An atmospheric crime novel set in 1930s London where the mysterious death of a policeman exposes a wider wrold of vice and corruption. "Friday, 18 December, 1936. I went to my funeral this morning!" So begins the diary of John Steadman, an ambitious young journalist in London. When he gets a tip-off about a murdered policeman, he thinks he's found his scoop. Trouble is, no-one else seems to know anything about it! or they're not telling. Then John finds someone willing to talk. At least, someone who was. Now they're hanging from a meat hook in a refrigerated locker and John's on the verge of a front-page scandal that will make or break his career. But to get to the heart of this dark story, he must first go undercover. Six feet undercover, to be precise! Based on a shocking true story, Snow Hill vividly brings to life a London you never knew about -- an underworld that doesn't officially exist and until now has never been documented.
'Snow Hill is a dashing and compelling addition to the distinguished file of the London crime and punishment novel' Melvyn Bragg 'Powerfully atmospheric. A compelling journey into the dark heart of the Square Mile' Jake Arnott 'Both emotionally believable and intriguing!undeniable page-turning appeal' Financial Times 'A terrific plot' Guardian 'Thoroughly entertaining' Daily Mirror 'A pungent evocation of time and place ! London of the 1930s is conjured with immense skill' Independent 'The period atmosphere is vividly and convincingly portrayed ! a very good read' Literary Review 'Sanderson relishes the louche and smoky milieu where police and press rub shoulders with sexual adventurers and criminals, and he describes it with considerable verve.' Spectator 'A stunningly clever debut ! In a brilliant plot, incredibly paced and acutely narrated, Sanderson hints wryly that there's never been such a thing as a "straight" policeman' Ben Summerskill, Chief Executive of Stonewall 'Few memoirs about love and loss can be quite so brutally honest and compelling ! uplifting' Daily Mirror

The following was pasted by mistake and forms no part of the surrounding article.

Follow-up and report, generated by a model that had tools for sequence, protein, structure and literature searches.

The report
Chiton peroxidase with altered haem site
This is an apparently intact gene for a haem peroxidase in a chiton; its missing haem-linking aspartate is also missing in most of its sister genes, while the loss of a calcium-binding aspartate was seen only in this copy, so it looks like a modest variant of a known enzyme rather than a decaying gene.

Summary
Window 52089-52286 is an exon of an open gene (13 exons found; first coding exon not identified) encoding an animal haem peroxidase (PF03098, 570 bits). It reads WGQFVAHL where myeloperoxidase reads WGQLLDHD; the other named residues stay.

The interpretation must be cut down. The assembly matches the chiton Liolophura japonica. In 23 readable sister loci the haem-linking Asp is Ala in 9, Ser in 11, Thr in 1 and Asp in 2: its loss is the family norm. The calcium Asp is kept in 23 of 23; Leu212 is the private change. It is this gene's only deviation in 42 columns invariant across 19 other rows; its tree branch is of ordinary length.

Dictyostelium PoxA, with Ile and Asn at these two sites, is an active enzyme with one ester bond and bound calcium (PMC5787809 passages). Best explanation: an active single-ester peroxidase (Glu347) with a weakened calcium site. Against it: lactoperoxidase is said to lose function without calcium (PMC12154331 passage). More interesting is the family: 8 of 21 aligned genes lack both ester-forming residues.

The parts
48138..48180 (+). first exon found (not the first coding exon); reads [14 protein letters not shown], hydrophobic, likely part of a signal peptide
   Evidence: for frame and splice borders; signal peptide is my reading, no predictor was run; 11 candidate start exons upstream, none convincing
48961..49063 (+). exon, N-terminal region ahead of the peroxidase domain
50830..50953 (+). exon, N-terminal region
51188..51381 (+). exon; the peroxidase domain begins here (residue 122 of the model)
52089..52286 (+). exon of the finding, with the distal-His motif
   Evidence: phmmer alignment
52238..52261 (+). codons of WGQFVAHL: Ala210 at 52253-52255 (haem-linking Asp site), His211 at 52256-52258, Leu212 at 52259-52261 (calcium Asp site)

Mark Sanderson is a journalist writing mainly for the Sunday Telegraph and Evening Standard. Since 1999 he has written the Literary Life column in the Sunday Telegraph. A memoir, 'Wrong Rooms', published in 2002 to widespread acclaim was described by Melvyn Bragg as "one of the most moving I have ever read".